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Here, $Q$ is a polynomial with distinct roots $\alpha_1, \ldots, \alpha_n$ and $P$ is a polynomial of degree $<n$. Once again, the task is to show

$$\frac{P(z)}{Q(z)} = \sum_{k=1}^{n}\frac{P(\alpha_k)}{Q'(\alpha_k)(z-\alpha_k)}$$

For reference, this is page 32 exercise 2 in Complex Analysis by Ahlfors. I'm having a ton of trouble making connections between what is presented in the text and this problem. The section is on rational functions and is incredibly concise. There was never a mention of derivatives and their relationships to rational functions, so I'm guessing here that it just means that $Q'(a_k)$ is a polynomial of degree $n-1$.

I don't even know where to start here, but I do have a couple question which might motivate the proof. What does $P(\alpha_k)$ mean? I don't see what a root of $Q$ has to do with a completely different polynomial. What is the relationship between the roots of $Q$ and the roots of $Q'$? And finally, where does the derivative of $Q$ come in?

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    $\begingroup$ Hint: move $Q(z)$ to the other side, then prove that the equality holds for each $z=\alpha_k\,$. Though, in fairness, that won't come easy if you really know nothing about derivatives and what $Q'$ means. $\endgroup$
    – dxiv
    Feb 27, 2017 at 4:43
  • $\begingroup$ Well, I know as much about derivatives of functions with complex coefficients as is presented (that I can understand without the aid of a classroom) in the analytic functions and polynomials sections in Ahlfors, which are the two sections preceding this one. There is a sentence which says that $P(\alpha) = P'(\alpha) = \cdots = P^{(h-1)}(\alpha) = 0$, so I suppose then that $Q'(a_k) = 0$ given that $n>k$? I am still unsure how to relate $\alpha_k$ to $P$. Thank you for the hint. $\endgroup$ Feb 27, 2017 at 5:05
  • $\begingroup$ Elaborated some more in the posted answer. Q′(a_k)=0 given that n>k? No, $Q′(\alpha_k)$ is the value of the derivative $Q'(z)$ at $z=\alpha_k$. still unsure how to relate α_k to P They are not directly "related" except by the given identity. $P'(\alpha_k)$ is just the value $P(z)$ takes when $z=\alpha_k\,$. $\endgroup$
    – dxiv
    Feb 27, 2017 at 5:13

2 Answers 2

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Hint (without L'Hôpital):  assume WLOG $Q$ is monic (otherwise cancel out the leading term between the two sides). Then $Q(z)=\prod_{k=1}^n(z-\alpha_k)$ and, by the product rule of differentiation, $\,Q'(z)=\sum_{k=1}^n \prod_{j \ne k}(z-\alpha_j)\,$ so in particular $\,Q'(\alpha_k)=\prod_{j \ne k}(\alpha_k-\alpha_j)\,$.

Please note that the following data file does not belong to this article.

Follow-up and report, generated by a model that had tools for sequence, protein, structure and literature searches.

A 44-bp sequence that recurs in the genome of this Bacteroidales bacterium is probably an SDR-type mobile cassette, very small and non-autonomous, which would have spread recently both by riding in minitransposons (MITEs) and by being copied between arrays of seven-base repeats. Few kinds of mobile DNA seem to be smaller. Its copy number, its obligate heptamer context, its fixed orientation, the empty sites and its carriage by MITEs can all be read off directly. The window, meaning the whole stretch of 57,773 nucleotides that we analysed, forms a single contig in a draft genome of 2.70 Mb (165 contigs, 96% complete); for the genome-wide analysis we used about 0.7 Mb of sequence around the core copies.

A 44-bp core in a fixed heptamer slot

Multiplying by $Q(z)$ and using the above, the equality to prove becomes:

$$ \begin{align} P(z) = \sum_{k=1}^{n}\frac{P(\alpha_k)\,Q(z)}{Q'(\alpha_k)(z-\alpha_k)} & = \sum_{k=1}^{n}\frac{P(\alpha_k)\,Q(z)}{Q'(\alpha_k)(z-\alpha_k)} \\[5px] & = \sum_{k=1}^{n} \frac{P(\alpha_k)\,\prod_{j \ne k}(z-\alpha_j)}{\prod_{j \ne k}(\alpha_k-\alpha_j)} \\[5px] \end{align} $$

It follows that the equality holds for all $\,z=\alpha_k\,$ and, since the two sides of the equality are polynomials of degree $\le n-1\,$ that are equal at $n$ points, it further follows that the equality holds in general, for all $z$.

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    $\begingroup$ This is the Lagrange Polynomial matching at the $a_k$. $\endgroup$
    – robjohn
    Feb 27, 2017 at 5:11
  • $\begingroup$ @robjohn It is indeed, thanks for pointing out. The above is (quite obviously) a more painful derivation than yours. Yet, given the little context provided, I thought a purely algebraic alternative might be worth mentioning. $\endgroup$
    – dxiv
    Feb 27, 2017 at 5:17
  • $\begingroup$ Thank you for this! I was, surprisingly, able to follow everything, but I still must think about why the conclusion follows. I apologize for my lack of knowledge (and hence the little context) on the topic. My only source is this textbook, and it's challenging for me. I have one last question: following up from your comment: if $a_k$ is a root for $Q$, why does $Q'(a_k) \neq 0$? $\endgroup$ Feb 27, 2017 at 5:19
  • $\begingroup$ @playitright $Q'(\alpha_k) \ne 0$ because all roots are assumed to be simple. If you ask why it's allowed to multiply/divide by $Q(z)$ despite it being zero at the $n$ points $\alpha_k\,$, then the answer is a bit more complicated. If taken as abstract "fractions" of polynomials, then there is no problem. Else if taken as complex functions, note that both sides of the original equality are technically undefined for $z=\alpha_k\,$. The identity can be extended to the entire $\mathbb{C}$ by continuity, though, and the same argument could be used with the proof above. $\endgroup$
    – dxiv
    Feb 27, 2017 at 5:35
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    $\begingroup$ @playitright: If $Q(x)=Q'(x)=0$, then $x$ is a double root of $Q$. The question stated that $Q$ has distinct roots. $\endgroup$
    – robjohn
    Feb 27, 2017 at 5:35
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Use Partial Fractions and L'Hôpital: $$ \frac{P(x)}{Q(x)}=\sum_{k=1}^n\frac{A_k}{x-a_k}\\ $$ where $A_k=\lim\limits_{x\to a_k}(x-a_k)\frac{P(x)}{Q(x)}=\frac{P(a_k)}{Q'(a_k)}$.

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  • $\begingroup$ Curious that the zeroes of $P$ are implicitly embedded in the expansion. It might be worthwhile mentioning this. $\endgroup$
    – Mark Viola
    Feb 27, 2017 at 4:55

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